- Archaeologists in southwest China have uncovered a trove of over 13,000 artifacts that shed light on the vibrant culture of Sanxingdui — an ancient Chinese civilization that mysteriously vanished thousands of years ago.
- One of the highlights is a bronze and jade box with a tortoise-shaped lid adorned with handles in the shape of dragon heads.
- "It would not be an exaggeration to say that the vessel is one of a kind, given its distinctive shape, fine craftsmanship and ingenious design,” Li Haichao, a professor at Sichuan University, told Xinhua.
- Many of the sculptures uncovered are emblematic of cultural exchange and integration in the early Chinese civilization.
- Discovered by a farmer in the Sichuan Province in 1927, the site was a shocking revelation for many historians and archeologists because it challenged the well-accepted theory that the birthplace of Chinese civilization was in northern China’s Yellow River Basin.
- Because there are no existing written records or human remains attributed to Sanxingdui, the artifacts uncovered in the site are the sole remnants of a culture that experts believe to be a part of the 4800-year-old Shu Kingdom.
Archaeologists in southwest China announced on Mondy that they have uncovered a trove of over 13,000 artifacts that shed light on the vibrant culture of Sanxingdui — an ancient Chinese civilization that mysteriously vanished thousands of years ago.
One of the highlights is a bronze and jade box with a tortoise-shaped lid adorned with handles in the shape of dragon heads. Researchers also revealed that the box had been wrapped in silk after detecting traces of the material surrounding it.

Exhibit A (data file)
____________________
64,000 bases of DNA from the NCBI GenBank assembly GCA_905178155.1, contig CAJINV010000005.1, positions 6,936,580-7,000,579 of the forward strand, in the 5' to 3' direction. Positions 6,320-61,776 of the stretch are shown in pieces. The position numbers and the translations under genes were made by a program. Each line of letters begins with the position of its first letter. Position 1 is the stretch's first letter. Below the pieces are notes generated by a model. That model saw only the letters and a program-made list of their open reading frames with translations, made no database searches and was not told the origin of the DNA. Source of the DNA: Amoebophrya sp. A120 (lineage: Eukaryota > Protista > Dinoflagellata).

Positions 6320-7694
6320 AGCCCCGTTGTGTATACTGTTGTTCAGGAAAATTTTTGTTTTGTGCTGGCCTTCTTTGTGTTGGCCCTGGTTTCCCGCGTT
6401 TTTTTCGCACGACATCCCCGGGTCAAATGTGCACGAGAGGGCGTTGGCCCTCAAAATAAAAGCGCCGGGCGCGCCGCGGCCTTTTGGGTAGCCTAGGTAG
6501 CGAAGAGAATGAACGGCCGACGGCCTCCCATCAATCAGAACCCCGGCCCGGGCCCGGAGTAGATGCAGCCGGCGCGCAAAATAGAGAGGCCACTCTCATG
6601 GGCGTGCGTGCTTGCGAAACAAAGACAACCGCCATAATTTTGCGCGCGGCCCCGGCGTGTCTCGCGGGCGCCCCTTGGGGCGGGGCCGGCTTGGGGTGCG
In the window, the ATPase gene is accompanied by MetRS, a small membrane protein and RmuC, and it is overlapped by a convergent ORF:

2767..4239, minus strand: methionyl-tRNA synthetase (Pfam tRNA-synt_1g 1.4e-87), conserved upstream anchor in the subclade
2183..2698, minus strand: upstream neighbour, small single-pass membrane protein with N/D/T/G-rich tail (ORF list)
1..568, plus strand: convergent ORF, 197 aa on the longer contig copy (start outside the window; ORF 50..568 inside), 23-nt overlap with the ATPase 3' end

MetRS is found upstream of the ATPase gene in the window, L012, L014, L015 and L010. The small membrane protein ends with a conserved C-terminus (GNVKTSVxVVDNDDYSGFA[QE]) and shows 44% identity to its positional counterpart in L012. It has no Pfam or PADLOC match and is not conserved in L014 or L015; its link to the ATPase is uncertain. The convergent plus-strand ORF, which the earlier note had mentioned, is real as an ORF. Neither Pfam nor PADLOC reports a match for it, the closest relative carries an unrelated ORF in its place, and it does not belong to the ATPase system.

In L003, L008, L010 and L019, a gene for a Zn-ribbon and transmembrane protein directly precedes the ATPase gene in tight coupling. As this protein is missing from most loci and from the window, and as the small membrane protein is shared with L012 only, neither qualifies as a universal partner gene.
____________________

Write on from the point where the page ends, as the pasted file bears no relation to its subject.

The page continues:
- Archeologists in China conducted the first full study of an amputation case involving “yue,” an ancient Chinese punishment that involved cutting off a person’s foot.
- Yue, along with other forms of mutilation, was used as a form of punishment in ancient China for over 1,000 years until it was eventually abolished around 200 BC.
- The research involved the analysis of a skeleton found at a burial site called Zhouyan in the northwestern province of Shaanxi.
- X-ray analysis of the remains concluded that the remains were from a woman aged 30 to 35 with an amputated right foot, indicating the seriousness of her purported crime.
Archeologists in China have found potential evidence of “yue,” an ancient Chinese punishment that involved cutting off a person’s foot.
Published in Acta Anthropologica Sinica, the work is the first well-studied punitive amputation case from an archaeological site, offering important insight and valuable data for further study of ancient China’s penal system and social customs.
A group of scholars from China has recently claimed that the English language is actually a dialect derived from Chinese.
Scholars from World Civilization Research Association (世界文明研究促進會) have reportedly put forward the idea that Western civilization originated from China and all European languages are mere dialects of Mandarin.